In 2015, the Paris-based French broadcasting service TV5Monde was attacked by hackers who used malicious software to attack and destroy the network's systems and take all twelve of its channels off the air. The attack was initially claimed by a group calling themselves the "Cyber Caliphate" however a more in-depth investigation by French authorities revealed the attack on the network had links to APT28, a GRU-affiliated hacker group.[12][13] In May 2017, on the eve of the French presidential election, more than 20,000 e-mails belonging to the campaign of Emmanuel Macron were dumped on an anonymous file-sharing website, shortly after the campaign announced they had been hacked. Word of the leak spread rapidly through the Internet, facilitated by bots and spam accounts. An analysis by Flashpoint, an American cybersecurity firm, determined with "moderate confidence" that APT28 was the group behind the hacking and subsequent leak.[14]

Georgia[edit]

On 20 July 2008, the website of the Georgian president, Mikheil Saakashvili, was rendered inoperable for twenty-four hours by a series of denial of service attacks. Shortly after, the website of the National Bank of Georgia and the parliament were attacked by hackers who plastered images of Mikheil Saakashvili and former Nazi leader Adolf Hitler. During the war, many Georgian government servers were attacked and brought down, reportedly hindering communication and the dissemination of crucial information. According to technical experts, this is the first recorded instance in history of cyberattacks coinciding with an armed conflict.[15][16]

An independent US-based research institute US Cyber Consequences Unit report stated the attacks had "little or no direct involvement from the Russian government or military". According to the institute's conclusions, some several attacks originated from the PCs of multiple users located in Russia, Ukraine and Latvia. These users were willingly participating in cyberwarfare, being supporters of Russia during the 2008 South Ossetia war, while some other attacks also used botnets.[17][18]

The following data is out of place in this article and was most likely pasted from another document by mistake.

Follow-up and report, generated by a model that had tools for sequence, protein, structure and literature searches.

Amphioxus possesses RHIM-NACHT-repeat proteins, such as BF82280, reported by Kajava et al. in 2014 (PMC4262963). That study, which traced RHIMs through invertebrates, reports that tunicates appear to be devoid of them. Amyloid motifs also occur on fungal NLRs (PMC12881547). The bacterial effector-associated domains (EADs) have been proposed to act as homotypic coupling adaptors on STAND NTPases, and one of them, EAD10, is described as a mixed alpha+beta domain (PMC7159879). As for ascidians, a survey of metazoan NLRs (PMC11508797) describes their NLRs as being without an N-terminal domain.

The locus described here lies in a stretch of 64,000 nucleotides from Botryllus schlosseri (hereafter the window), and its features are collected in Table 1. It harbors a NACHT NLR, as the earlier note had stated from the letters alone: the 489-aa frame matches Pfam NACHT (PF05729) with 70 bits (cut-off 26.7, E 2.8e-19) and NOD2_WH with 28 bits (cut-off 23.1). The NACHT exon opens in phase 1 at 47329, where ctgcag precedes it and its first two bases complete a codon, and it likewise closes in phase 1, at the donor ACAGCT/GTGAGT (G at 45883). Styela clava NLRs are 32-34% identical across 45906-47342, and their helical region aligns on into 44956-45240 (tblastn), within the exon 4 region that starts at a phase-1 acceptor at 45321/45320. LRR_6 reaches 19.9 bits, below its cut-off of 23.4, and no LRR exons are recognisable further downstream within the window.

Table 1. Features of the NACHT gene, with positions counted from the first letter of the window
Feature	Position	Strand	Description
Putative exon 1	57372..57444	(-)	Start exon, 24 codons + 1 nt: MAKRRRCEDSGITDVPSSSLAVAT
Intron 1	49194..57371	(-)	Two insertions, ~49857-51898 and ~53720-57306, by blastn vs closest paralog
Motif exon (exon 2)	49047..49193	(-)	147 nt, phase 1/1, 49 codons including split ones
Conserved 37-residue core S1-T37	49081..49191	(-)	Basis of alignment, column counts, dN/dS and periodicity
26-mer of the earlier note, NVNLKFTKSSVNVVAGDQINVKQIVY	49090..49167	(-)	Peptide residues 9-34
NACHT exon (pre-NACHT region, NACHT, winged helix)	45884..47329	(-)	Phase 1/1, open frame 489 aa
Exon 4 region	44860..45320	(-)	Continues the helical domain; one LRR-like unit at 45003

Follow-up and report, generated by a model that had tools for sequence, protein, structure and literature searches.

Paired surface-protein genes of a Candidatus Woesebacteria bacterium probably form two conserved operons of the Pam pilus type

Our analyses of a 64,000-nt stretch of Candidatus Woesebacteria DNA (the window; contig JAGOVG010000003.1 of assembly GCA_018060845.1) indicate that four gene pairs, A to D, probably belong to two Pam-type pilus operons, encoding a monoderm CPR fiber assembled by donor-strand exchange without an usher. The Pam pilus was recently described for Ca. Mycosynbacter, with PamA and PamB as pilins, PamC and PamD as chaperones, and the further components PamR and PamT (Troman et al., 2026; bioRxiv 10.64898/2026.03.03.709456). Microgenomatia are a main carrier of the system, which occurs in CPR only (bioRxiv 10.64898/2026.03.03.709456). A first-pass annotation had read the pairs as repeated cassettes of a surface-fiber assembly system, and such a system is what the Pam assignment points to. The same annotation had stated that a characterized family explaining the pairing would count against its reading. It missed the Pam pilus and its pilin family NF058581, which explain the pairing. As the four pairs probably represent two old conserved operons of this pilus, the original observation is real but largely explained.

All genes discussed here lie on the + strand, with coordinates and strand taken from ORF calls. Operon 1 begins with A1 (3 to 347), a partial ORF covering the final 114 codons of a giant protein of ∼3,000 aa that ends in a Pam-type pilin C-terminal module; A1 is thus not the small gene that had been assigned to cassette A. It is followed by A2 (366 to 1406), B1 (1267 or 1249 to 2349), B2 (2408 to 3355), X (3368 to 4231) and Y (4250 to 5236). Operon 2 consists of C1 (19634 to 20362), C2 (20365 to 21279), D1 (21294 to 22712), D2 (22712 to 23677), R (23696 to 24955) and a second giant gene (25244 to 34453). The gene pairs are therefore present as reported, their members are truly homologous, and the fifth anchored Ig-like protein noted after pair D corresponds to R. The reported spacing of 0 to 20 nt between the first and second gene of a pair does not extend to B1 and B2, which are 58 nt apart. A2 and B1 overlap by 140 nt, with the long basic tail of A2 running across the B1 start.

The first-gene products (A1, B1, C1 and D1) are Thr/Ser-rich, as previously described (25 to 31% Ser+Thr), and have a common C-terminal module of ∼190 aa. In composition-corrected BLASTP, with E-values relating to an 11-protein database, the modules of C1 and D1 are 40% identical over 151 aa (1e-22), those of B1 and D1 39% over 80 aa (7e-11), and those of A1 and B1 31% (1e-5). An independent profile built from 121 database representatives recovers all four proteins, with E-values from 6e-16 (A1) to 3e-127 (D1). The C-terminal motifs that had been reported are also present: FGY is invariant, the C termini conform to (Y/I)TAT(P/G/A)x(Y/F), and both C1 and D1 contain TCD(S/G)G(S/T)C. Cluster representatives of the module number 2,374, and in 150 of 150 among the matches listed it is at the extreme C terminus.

Germany[edit]

In 2015, a high-ranking security official stated that it was "highly plausible" that a cybertheft of files from the German Parliamentary Committee investigating the NSA spying scandal, later published by WikiLeaks, was conducted by Russian hackers.[19][20] In late 2016, Bruno Kahl, president of the Bundesnachrichtendienst warned of data breaches and misinformation-campaigns steered by Russia.[21] According to Kahl, there are insights that cyberattacks occur with no other purpose than to create political uncertainty.[22][23] Süddeutsche Zeitung reported in February 2017 that a year-long probe by German intelligence "found no concrete proof of [Russian] disinformation campaigns targeting the government".[24] Hans-Georg Maaßen, head of the country's Federal Office for the Protection of the Constitution, noted "growing evidence of attempts to influence the [next] federal election" in September 2017 and "increasingly aggressive cyber espionage" against political entities in Germany.[25] The New York Times reported on September 21, 2017, three days before the German federal election, that there was little to suggest any Russian interference in the election.[26]

Kyrgyzstan[edit]

Beginning in mid-January 2009, Kyrgyzstan's two main ISPs came under a large-scale DDoS attack, shutting down websites and e-mail within the country, effectively taking the nation offline. The attacks came at a time when the country's president, Kurmanbek Bakiyev, was being pressured by both domestic actors and Russia to close a U.S. air base in Kyrgyzstan.[27] The Wall Street Journal reported the attacks had been carried out by a Russian "cyber-militia".[28]

Ukraine[edit]

In March 2014, a Russian cyber weapon called Snake or "Ouroboros" was reported to have created havoc on Ukrainian government systems.[29] The Snake tool kit began spreading into Ukrainian computer systems in 2010. It performed Computer Network Exploitation (CNE), as well as highly sophisticated Computer Network Attacks (CNA).[30]